Banks’ defaulted loan situation to worsen in 2021: BIBM

BIBM research cautions banks to avoid political influence

HM Murtuza | Published: 22:15, Nov 25,2020


A file photo shows clients receiving services at a branch of a state-owned bank in the capital. Defaulted loans in the country’s banking sector would surge further as defaulters would now use the coronavirus outbreak as a pretext to not repay their bank debts on time.— New Age photo

Defaulted loans in the country’s banking sector would surge further as defaulters would now use the coronavirus outbreak as a pretext to not repay their bank debts on time.

The prediction was made in a research paper presented at an online seminar organised by the Bangladesh Institute of Bank Management on ‘NPL in Banks of Bangladesh: Macro Economic and Bank Specific Perspective’ on the day.

BIBM associate professors Md Alamgir, Mohammad Tazul Islam, Antara Zareen and Rahat Banu, and United commercial Bank first assistant vice-president Md Ziaul Hasan jointly conducted the research.

Bangladesh Bank deputy governor and BIBM executive committee chairman SM Moniruzzaman said that non-performing loans of banks ultimately affected the volume of private investment by inflating the required provision and loss accumulation in the banking system.

He, however, said that it was a satisfactory sign that we were not in a very bad position among the SAARC countries.

‘Still there is enough scope to take our NPL level to a tolerable position,’ he said.

The researchers in the research paper said, ‘In order to facilitate business people and combat the economic fallout of coronavirus, Bangladesh asked banks not to downgrade any loan over a failure to pay instalments in the January-September period.’

‘There are two fold challenges faced by the banking sector — high defaulted loan and cutting down the lending rate to single digit before the outbreak of the coronavirus,’ the paper said.

If defaulters needed 10 years to repay their debts when they faced no crisis as big as the coronavirus, they now have a bigger excuse to say that 10 years are not sufficient, the researchers said, adding that so, the defaulted loan crisis was not going away and it would deepen further instead.

Commenting on the impact of the regulatory forbearance introduced by the central bank, the research paper said, ‘Although the classification status of these loans remains almost stagnant due to these circulars of BB and banks will not be required to keep provision against these loans.’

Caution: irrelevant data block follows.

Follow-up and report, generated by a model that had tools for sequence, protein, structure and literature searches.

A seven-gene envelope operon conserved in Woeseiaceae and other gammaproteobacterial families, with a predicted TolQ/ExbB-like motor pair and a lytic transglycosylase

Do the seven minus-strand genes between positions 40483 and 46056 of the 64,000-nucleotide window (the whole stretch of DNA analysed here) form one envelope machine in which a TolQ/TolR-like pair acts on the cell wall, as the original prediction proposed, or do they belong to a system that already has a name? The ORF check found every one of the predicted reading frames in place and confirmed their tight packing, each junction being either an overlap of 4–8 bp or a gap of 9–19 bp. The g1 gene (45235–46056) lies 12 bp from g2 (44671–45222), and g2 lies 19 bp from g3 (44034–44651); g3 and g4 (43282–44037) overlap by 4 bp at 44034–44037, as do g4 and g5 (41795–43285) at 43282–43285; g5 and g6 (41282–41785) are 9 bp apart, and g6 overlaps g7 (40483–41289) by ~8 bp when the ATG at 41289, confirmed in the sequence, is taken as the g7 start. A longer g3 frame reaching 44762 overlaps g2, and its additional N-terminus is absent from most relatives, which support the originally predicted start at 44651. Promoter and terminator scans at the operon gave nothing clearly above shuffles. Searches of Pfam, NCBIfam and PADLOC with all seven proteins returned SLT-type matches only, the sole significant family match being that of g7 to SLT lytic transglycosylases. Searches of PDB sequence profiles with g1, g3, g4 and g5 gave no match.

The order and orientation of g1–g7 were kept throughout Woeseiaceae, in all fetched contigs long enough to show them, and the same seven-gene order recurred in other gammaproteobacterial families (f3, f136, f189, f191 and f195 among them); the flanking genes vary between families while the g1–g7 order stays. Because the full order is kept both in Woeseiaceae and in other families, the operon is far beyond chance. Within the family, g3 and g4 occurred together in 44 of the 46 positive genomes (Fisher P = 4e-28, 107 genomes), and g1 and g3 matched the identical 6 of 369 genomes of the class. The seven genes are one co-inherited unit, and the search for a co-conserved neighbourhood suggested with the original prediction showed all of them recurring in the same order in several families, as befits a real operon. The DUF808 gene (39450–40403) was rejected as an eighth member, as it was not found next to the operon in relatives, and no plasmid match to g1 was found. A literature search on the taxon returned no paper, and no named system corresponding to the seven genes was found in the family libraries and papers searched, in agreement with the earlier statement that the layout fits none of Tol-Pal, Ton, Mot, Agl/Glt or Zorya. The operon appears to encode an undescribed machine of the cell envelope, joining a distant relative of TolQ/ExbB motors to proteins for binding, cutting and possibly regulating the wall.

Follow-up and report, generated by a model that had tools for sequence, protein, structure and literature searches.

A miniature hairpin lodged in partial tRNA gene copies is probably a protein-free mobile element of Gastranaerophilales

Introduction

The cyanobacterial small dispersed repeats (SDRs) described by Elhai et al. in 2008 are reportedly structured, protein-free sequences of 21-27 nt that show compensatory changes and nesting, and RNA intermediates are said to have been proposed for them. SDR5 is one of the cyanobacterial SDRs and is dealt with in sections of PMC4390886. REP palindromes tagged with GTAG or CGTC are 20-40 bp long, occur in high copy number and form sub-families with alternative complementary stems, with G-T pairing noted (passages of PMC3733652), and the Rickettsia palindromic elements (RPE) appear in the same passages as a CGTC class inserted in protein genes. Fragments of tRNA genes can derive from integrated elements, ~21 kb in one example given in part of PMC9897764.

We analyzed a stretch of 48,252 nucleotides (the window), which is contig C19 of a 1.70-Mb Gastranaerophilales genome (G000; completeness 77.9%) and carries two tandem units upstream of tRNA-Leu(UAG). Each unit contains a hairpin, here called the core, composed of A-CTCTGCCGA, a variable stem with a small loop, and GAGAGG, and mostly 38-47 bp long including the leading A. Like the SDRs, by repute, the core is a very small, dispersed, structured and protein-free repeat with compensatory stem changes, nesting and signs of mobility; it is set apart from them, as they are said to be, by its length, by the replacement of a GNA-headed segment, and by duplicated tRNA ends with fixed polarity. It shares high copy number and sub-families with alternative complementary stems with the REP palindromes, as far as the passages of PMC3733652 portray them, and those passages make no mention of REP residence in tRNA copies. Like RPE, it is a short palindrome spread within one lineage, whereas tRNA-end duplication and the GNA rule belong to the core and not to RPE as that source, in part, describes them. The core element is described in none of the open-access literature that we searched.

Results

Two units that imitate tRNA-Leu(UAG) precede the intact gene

Therefore, the asset quality will deteriorate and the amount of NPLs will increase after the end of this virus outbreak, it said.

‘Persistent default culture and taking advantages of relaxed loan rescheduling policy are the major concerns for asset deterioration in the overall banking sector in the upcoming days,’ the researchers cautioned.

‘In the short-term, it might help the banks to clean the book but in the long run, the result might be even worse,’ it said.

Because of the coronavirus, the banking sector experienced sharp falls in regular loan repayments and recovery from non-performing loans in the second quarter of the year 2020, it said.

‘If this continues, banks’ NPL will significantly rise and will lead to provision shortfall in many banks,’ it said, adding that if that occurred, it would hit the capital base of the banks.

In the absence of a secondary market for real-estate in Bangladesh, the banks will face a critical situation in selling mortgaged assets which may aggravate the situation, mentioned the paper.

‘Banks are now waived from maintaining loan loss provision considering the effects of coronavirus up to December this year,’ it said.

‘But, BB may ask banks to maintain provision after September,’ the researchers suggested, adding, ‘Thus, banks need to take preparation for recovering loan and maintaining provision considering the situation after 2020.’

As per the latest BB data, NPL in the country’s banking sector increased by Tk 3,606 crore to Tk 96,116 crore at the end of June this year from Tk 92,510 crore three months ago.

The researchers in their recommendations said that the borrowers should be stopped from taking credit from too many banks, ensuring proper assessment of credit risk of the borrowers, and the banks should be kept free from political influence in selecting borrowers and introducing sound and effective corporate governance in banks.

BIBM Dr Muzaffer Ahmad Chair Professor Barkat-e-Khuda, BB executive director Mohd Humayun Kabir, Sonali Bank managing director and chief executive officer Md Ataur Rahman Prodhan, Mutual Trust Bank managing director and chief executive officer Syed Mahbubur Rahman, First Security Islami Bank managing director Syed Waseque Md Ali and BIBM director Ashraf Al Mamun attended the seminar.

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